Perhaps one of the most interesting essays concentrates on the huge number of scams that are now part and parcel of capitalist society.  The Story of a Generation in Seven Scams: presents a damning indictment of capitalist society. While concentrating on a few obvious scams, Tolentino ignores a large number of prominent scams, which could probably fill another book. It would be interesting to see her thoughts on economic cons like the Wirecard Scam, which shows the true nature of capitalism. As Peter Schwarz writes, “the political establishment and the media are trying to portray the Wirecard scandal either as the result of the machinations of a brilliant impostor or the failure of state institutions, which can be corrected by some administrative changes. Wirecard is not some terrible lapse but shows the true face of capitalism in the 21st century. The accumulation of wealth and assets has completely detached itself from the real economy for a long time. The result is unprecedented social polarisation and the criminalisation of all sectors of the capitalist economy.”[3]

Another scam left out of the book is that of the so-called “romance scams”.[4]In 2020 I wrote a series of articles on one aspect of this nasty scam which has conned many people out of millions. After two years of research, certain things can be said to warn others. The first job of a scammer who proliferates the various online dating sites is to get their prey off the original dating website and onto sites such as Gmail and WhatsApp. Gmail is a favourite hunting ground for your African scammers. It is a simple scam.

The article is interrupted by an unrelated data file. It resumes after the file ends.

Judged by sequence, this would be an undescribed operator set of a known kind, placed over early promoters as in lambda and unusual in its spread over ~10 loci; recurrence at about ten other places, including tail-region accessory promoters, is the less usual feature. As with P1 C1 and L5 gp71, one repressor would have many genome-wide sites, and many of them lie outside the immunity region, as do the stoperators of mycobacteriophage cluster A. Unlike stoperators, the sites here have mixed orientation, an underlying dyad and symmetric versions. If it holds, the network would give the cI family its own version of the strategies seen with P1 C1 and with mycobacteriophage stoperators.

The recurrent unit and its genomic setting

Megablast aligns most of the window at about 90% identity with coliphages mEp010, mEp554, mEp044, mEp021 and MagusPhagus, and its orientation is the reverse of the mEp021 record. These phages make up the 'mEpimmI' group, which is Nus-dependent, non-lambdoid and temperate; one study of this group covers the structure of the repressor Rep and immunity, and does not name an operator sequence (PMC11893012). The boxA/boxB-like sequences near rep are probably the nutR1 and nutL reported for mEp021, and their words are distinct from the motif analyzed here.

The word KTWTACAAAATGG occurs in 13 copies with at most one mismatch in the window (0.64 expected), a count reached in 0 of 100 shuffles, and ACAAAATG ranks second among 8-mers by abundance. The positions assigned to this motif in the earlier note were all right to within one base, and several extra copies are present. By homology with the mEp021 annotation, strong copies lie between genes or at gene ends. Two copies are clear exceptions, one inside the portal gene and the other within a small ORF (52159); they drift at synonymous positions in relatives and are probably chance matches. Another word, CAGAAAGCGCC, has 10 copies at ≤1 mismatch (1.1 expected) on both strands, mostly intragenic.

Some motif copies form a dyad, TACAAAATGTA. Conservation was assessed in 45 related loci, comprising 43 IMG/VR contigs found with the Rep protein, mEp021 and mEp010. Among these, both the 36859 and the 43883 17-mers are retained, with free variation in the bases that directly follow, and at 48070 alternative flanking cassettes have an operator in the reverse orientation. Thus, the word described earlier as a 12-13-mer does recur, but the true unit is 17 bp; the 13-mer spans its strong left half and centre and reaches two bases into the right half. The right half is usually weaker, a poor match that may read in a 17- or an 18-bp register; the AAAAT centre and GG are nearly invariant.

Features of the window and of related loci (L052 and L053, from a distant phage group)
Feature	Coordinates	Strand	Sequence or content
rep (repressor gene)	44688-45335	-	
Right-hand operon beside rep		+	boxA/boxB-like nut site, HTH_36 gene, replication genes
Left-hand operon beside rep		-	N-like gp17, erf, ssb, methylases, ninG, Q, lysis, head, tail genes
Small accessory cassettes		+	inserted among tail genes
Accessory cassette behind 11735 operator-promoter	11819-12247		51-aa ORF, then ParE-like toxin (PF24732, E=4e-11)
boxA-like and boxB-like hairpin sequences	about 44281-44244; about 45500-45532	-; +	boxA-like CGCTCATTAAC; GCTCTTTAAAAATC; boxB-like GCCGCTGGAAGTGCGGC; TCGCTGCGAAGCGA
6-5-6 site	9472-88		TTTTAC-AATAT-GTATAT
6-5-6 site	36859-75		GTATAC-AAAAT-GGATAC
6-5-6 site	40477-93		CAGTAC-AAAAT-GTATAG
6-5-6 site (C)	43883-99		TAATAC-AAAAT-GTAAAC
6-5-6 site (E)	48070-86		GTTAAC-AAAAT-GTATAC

They send you a picture of a gorgeous voluptuous woman usually lifted from a porn site. Most men think, yum, I am in here. They don’t ask why this beautiful 25-year-old woman would have anything to do with a balding middle-aged man. Unperturbed most men would want to see this hot girl on video chat. This is the first part of the scam. To see this beautiful woman, you need to purchase an Amazon card or other such items for them to get an internet connection for the video call. When they finally agree to your demand to see them in the flesh, you do not see the beautiful young thing in the flesh, but a rather clumsy video these amateurs have somehow managed to upload onto Gmail. On one occasion, I could see the real person behind the scam as his hand slipped, revealing his real identity. Suffice to say; he was not a gorgeous blonde woman.

The second great scam not touched upon in the book centres on the launch of the Facebook dating app in 2019. This free dating app was a means by which Facebook sought to promote the launch of its own digital currency Meta. Facebook is riddled with fake profiles. In the first quarter of 2022, Facebook removed 1.6 billion fake accounts. This is down from 1.7 billion in the previous quarter. In 2019, in one quarter alone 2.2 billion counterfeit bills were removed.

Their dating app was full of fake profiles, and these people were allowed to act with impunity by Meta. The few that were real promoted the use of cryptocurrency. Many counterfeit profiles, although not all, came from China, Thailand, Malaysia and Singapore.